It is still another object of the invention to provide a transparent case housing which accommodates a monofilament drive shaft into the absolute inside corner of the case and along grooves in the edges of the case and therefore virtually obscures it from view.
It is still another object of the invention to provide an adjustable coupler which allows precise adjustment of the tension of the monofilament drive shaft.
It is an object of the invention to provide a means of concealing from view the presence of the motor which powers the invention, the batteries that power this motor and the circuit and switches that control this motor.
It is a specific object of the invention to provide the power and the motive force of an electric motor to an object at a remote distance from the motor while keeping the power link between the motor and the object being powered virtually invisible from view across a fully visible distance between the motor and the object.
It is a specific object of the invention to provide a means of bending a portion of the single strand drive shaft so that as it rotates it will blur and become virtually invisible.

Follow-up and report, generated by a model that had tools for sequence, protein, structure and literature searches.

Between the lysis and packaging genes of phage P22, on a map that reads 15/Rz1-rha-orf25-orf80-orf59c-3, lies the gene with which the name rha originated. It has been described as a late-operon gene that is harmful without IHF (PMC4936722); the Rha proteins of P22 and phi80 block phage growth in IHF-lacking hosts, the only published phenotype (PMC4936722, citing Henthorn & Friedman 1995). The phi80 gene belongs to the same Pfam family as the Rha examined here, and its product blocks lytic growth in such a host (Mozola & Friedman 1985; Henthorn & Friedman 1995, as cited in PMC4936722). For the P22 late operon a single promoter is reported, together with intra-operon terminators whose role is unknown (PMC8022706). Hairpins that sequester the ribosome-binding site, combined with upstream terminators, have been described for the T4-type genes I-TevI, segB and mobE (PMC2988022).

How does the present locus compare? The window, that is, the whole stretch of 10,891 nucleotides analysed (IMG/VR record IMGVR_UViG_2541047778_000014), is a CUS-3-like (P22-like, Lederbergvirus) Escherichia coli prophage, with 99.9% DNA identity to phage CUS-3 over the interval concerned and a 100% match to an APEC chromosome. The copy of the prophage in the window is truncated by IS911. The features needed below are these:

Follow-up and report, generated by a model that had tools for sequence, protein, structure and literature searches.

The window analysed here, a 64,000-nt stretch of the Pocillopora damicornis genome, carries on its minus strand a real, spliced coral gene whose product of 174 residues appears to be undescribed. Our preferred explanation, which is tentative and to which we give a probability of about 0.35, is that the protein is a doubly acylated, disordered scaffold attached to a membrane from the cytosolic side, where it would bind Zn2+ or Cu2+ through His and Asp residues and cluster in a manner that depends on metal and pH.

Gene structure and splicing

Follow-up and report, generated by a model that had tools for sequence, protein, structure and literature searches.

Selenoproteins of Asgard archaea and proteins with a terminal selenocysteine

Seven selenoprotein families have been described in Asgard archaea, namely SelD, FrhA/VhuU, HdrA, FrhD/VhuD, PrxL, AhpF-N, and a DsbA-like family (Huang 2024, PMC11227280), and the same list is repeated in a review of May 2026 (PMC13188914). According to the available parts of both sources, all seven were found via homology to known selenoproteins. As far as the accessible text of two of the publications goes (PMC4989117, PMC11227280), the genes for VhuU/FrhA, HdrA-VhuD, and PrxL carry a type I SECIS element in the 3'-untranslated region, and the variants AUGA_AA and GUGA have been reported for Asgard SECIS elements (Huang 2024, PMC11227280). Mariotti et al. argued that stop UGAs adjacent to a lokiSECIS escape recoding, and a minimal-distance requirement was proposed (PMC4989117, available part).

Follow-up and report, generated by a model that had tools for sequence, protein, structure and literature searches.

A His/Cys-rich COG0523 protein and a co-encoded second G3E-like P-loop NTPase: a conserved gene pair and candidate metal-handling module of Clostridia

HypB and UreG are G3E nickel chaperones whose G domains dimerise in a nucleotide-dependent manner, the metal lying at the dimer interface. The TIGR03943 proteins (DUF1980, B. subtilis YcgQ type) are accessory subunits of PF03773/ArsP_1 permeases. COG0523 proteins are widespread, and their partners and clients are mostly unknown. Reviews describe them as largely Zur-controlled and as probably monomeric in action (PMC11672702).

It is another object of the invention to provide a novel means of suspending an object within the center of the spinning cage without any visible means of support.
It is another object of the invention to provide a self-contained means of illuminating the spinning cage.
It is still another object of the invention to provide an illusion novelty that can be operated by battery power.
It is still another object of the invention to provide a means for varying the movement of the illusion in response to user inputs such as sound.
It is still another object of the invention to provide an illusion device which facilitates the appearance of a floating bubble by preventing tactile access to the bubble structure but nevertheless permits substantial observation of the device.
Other advantages and meritorious features of the present invention will be understood from the following description of the preferred embodiments, the appended claims, and the drawings, the brief description of which follows.
FIG. 1 is a perspective view of the illusion device of the present invention showing the major components of the device.